Farmers' Use of Improved Seed Selection Practices in Mexican Maize: Evidence and Issues from the Sierra de Santa Marta
AbstractThe principal advantage of in situ conservation is that it allows adaptive evolutionary processes to continue in the species that are being conserved. For a cultivated crop species, in situ conservation involves farmers' management of their own genetic resources even as the farmers themselves adapt to a changing environment. Improved seed selection practices and other on-farm breeding strategies have been proposed as a means of providing economic incentives for farmers to continue growing traditional varieties or landraces identified as important for conservation. This paper describes a pilot study among a group of indigenous farmers in the Sierra de Santa Marta, Veracruz, Mexico, who have collaborated in such efforts. The findings raise key issues about the potential impact of such an approach, as well as some useful methodological points for applied economists. In the study area, there is a high frequency of experimentation, exchange, loss, and replacement of seed over time -- seed of the same varieties, including both modern and traditional varieties. This poses a challenge for economists' models of varietal choice, which tend to be based on static perceptions of a 'variety' as well as simplistic distinctions between 'modern' and 'traditional' varieties. Seed selection in the study area is not a single event but an iterative, continuous process. Women may be more involved in seed selection than previously thought, which may have implications for the welfare impact of new seed selection practices. Other implications of the study are that (1) the impact of introducing practices to enhance farmers' varieties is likely to be diffuse and difficult to observe, predict, or measure, and (2) in developing analytical models of farmer decision-making as it affects the diversity of genetic resources on the farm, the most appropriate unit of analysis for predicting the effects of some policy interventions is not likely to be the individual farmer or the individual farm household. A better understanding of the 'social infrastructure' shaping seed and information flows is needed, since in the diffusion of innovations of this type, the seed system is based entirely on farmers and their interactions.
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Bibliographic InfoPaper provided by CIMMYT: International Maize and Wheat Improvement Center in its series Economics Working Papers with number 7690.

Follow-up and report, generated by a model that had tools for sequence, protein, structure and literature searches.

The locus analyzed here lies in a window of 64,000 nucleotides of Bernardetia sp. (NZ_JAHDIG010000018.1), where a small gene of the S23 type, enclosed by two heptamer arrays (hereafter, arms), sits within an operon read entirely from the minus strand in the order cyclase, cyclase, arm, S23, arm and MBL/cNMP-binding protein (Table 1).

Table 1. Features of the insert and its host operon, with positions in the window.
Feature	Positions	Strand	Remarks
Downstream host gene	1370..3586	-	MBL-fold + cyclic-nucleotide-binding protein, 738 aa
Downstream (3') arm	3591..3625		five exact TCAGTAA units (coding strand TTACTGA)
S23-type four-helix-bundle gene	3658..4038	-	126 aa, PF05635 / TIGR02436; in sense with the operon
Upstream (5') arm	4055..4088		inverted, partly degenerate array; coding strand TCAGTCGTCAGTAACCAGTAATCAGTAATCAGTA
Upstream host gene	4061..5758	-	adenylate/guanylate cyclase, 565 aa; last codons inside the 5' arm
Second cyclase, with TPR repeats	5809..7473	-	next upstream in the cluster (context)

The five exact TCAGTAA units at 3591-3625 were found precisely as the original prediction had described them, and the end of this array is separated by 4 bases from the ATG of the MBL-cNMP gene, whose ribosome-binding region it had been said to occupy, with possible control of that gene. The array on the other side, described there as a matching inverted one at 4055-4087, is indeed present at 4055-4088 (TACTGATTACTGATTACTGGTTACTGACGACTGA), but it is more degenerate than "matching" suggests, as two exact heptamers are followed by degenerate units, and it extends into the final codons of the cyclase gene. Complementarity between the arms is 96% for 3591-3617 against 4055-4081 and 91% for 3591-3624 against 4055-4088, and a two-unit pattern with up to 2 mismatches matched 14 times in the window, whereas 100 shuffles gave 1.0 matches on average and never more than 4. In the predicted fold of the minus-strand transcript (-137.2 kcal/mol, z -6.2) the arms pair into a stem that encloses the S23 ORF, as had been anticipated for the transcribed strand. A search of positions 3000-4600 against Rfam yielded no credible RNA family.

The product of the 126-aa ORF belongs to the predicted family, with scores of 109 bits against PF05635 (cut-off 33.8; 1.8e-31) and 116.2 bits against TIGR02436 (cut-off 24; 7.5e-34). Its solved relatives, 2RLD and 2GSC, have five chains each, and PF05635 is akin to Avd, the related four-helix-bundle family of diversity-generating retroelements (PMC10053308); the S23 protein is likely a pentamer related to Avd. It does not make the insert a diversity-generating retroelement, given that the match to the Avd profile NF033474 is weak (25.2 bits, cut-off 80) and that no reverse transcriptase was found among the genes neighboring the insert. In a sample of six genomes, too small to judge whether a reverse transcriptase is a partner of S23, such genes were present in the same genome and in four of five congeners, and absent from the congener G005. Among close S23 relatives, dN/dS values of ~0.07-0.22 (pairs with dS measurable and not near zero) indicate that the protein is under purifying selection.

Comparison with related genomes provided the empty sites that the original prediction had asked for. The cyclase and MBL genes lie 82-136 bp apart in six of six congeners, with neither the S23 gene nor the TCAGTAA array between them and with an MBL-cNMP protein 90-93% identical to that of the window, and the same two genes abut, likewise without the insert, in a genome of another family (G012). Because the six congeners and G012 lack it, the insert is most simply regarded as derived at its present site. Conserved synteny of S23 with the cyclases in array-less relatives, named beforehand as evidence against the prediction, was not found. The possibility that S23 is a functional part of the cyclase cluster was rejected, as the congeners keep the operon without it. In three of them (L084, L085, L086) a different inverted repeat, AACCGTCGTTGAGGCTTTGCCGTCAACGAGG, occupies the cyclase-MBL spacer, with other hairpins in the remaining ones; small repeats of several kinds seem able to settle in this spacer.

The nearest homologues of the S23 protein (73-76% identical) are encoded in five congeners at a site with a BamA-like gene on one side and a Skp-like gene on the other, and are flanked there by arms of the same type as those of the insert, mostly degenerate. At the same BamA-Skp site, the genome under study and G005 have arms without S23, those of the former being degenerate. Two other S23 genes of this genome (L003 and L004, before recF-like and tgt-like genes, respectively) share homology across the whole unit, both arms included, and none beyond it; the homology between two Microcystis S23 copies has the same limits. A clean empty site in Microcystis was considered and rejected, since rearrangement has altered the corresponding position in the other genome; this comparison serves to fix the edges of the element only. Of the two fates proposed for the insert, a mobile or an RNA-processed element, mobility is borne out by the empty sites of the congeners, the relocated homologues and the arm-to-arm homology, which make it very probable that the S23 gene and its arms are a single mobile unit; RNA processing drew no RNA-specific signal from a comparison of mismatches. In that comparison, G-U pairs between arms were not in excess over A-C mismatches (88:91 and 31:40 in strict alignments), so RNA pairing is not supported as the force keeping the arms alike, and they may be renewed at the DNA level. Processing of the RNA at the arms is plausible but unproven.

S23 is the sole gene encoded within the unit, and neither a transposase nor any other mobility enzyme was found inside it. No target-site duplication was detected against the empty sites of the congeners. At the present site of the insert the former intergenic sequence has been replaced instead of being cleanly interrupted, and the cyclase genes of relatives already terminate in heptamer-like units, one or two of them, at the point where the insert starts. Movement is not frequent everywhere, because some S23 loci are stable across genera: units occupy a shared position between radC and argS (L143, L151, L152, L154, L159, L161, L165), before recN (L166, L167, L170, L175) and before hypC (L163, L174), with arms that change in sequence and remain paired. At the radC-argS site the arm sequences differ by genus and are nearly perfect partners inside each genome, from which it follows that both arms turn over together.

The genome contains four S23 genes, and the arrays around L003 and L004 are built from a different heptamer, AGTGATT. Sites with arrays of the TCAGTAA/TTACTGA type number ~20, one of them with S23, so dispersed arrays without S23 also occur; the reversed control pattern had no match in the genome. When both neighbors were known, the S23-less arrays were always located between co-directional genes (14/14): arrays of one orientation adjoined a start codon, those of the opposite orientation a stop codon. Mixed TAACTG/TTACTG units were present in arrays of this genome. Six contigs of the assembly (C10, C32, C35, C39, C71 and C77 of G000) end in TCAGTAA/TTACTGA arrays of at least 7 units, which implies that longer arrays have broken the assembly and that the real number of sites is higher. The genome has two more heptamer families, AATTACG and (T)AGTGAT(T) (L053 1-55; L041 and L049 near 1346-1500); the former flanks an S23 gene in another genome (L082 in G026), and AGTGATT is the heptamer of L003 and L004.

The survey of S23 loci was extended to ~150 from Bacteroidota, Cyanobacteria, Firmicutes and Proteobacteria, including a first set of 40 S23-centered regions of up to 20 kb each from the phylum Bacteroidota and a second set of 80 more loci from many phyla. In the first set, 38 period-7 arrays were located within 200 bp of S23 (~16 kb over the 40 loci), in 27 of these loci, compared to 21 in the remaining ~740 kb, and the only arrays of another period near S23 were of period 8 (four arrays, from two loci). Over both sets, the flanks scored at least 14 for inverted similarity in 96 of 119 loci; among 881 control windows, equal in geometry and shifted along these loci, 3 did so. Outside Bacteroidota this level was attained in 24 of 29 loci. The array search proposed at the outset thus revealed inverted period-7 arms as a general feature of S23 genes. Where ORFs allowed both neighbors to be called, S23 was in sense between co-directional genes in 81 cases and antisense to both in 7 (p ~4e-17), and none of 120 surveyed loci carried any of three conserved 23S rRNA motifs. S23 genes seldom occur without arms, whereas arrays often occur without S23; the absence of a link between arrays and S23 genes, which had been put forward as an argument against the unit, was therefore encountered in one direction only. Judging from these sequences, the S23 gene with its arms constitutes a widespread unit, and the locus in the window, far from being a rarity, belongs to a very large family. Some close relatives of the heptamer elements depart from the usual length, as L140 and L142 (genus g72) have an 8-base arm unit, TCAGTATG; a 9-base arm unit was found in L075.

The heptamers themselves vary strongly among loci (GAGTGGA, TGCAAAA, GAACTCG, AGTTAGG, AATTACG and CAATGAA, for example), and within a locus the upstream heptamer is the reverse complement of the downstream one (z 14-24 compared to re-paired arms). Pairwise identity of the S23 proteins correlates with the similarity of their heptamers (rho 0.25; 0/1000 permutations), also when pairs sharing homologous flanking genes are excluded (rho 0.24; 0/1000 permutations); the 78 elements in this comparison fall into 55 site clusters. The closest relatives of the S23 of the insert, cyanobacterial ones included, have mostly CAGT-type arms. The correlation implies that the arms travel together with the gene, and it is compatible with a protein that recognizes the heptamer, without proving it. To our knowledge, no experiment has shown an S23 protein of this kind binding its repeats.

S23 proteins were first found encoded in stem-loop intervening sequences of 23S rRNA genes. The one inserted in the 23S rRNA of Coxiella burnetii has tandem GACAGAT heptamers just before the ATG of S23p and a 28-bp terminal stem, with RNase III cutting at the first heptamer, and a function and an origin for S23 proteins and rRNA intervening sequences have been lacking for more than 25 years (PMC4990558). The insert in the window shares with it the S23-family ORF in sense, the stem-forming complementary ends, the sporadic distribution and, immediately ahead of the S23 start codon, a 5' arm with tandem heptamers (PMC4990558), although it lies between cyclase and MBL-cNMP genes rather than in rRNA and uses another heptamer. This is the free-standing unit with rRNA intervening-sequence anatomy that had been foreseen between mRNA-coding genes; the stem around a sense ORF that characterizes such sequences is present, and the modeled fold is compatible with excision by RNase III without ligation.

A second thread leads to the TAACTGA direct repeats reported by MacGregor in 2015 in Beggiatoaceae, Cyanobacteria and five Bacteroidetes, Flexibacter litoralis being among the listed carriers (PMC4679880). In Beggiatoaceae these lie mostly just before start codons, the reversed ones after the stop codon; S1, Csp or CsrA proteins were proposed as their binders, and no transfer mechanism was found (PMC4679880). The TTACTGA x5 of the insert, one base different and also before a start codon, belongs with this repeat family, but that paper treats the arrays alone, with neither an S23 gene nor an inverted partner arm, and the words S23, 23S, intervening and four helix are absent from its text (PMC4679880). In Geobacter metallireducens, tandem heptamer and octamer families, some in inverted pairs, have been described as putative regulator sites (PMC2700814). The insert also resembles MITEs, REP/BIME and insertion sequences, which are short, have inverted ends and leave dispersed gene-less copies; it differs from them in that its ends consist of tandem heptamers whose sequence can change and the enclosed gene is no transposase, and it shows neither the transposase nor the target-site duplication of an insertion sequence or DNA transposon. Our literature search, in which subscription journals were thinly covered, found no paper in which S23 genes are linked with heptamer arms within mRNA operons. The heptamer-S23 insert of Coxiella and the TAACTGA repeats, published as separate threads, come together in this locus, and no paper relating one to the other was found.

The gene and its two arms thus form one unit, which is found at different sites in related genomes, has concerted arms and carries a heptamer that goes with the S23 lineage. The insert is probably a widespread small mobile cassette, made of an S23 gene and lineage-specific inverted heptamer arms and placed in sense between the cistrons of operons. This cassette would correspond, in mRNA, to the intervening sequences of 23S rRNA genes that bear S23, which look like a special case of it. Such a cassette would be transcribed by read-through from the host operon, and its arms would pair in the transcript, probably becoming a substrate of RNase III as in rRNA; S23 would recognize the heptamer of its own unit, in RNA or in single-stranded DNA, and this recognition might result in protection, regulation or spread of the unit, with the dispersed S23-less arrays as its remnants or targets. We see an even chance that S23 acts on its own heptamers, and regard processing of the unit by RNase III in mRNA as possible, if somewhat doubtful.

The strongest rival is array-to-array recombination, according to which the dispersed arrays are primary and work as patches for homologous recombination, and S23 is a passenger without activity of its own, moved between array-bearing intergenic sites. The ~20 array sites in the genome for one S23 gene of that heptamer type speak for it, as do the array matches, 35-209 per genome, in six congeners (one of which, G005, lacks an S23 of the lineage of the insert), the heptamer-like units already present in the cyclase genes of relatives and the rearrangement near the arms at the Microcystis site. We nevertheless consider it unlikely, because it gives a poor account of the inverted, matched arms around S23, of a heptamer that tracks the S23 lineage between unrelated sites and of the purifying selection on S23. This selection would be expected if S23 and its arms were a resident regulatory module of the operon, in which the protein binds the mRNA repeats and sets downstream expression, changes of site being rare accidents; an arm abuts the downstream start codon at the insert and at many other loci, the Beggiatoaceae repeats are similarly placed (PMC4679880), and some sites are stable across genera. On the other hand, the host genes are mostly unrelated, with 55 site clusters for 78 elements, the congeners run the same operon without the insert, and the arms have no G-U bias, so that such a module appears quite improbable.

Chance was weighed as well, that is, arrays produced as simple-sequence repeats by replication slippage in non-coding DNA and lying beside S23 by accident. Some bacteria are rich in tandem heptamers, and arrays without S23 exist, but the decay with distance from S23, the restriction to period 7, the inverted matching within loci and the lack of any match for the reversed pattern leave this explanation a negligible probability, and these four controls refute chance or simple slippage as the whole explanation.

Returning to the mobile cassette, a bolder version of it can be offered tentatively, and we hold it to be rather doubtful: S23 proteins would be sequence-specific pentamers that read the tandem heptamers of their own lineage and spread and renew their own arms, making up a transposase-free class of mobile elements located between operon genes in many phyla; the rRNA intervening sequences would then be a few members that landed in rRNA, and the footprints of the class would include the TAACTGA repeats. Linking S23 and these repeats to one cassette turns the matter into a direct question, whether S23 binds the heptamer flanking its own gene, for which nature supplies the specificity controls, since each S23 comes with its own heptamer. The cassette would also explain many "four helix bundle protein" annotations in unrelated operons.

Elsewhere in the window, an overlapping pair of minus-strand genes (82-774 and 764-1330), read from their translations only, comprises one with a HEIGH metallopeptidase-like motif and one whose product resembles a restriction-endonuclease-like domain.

Date of creation: 1997
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Other versions of this item:
- Rice, Elizabeth & Smale, Melinda & Blanco, Jose-Luis, 1998. "Farmers' use of improved seed selection practices in Mexican maize: Evidence and issues from the Sierra de Santa Marta," World Development, Elsevier, vol. 26(9), pages 1625-1640, September.
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- Smale, Melinda & Aguirre, Alfonso & Bellon, Mauricio R. & Mendoza, Jorge & Rosas, Irma Manuel, 1999. "Farmer Management of Maize Diversity in the Central Valleys of Oaxaca, Mexico: CIMMYT/INIFAP 1998 Baseline Socioeconomic Survey," Economics Working Papers 7689, CIMMYT: International Maize and Wheat Improvement Center.
- Morris, Michael L. & Risopoulos, Jean & Beck, David, 1999. "Genetic Change in Farmer-Recycled Maize Seed: A Review of the Evidence," Economics Working Papers 7683, CIMMYT: International Maize and Wheat Improvement Center.
- Bellon, Mauricio R., 2001. "Demand and Supply of Crop Infraspecific Diversity on Farms: Towards a Policy Framework for On-Farm Conservation," Economics Working Papers 7666, CIMMYT: International Maize and Wheat Improvement Center.
- Bellon, Mauricio R., 2004. "Conceptualizing Interventions to Support On-Farm Genetic Resource Conservation," World Development, Elsevier, vol. 32(1), pages 159-172, January.
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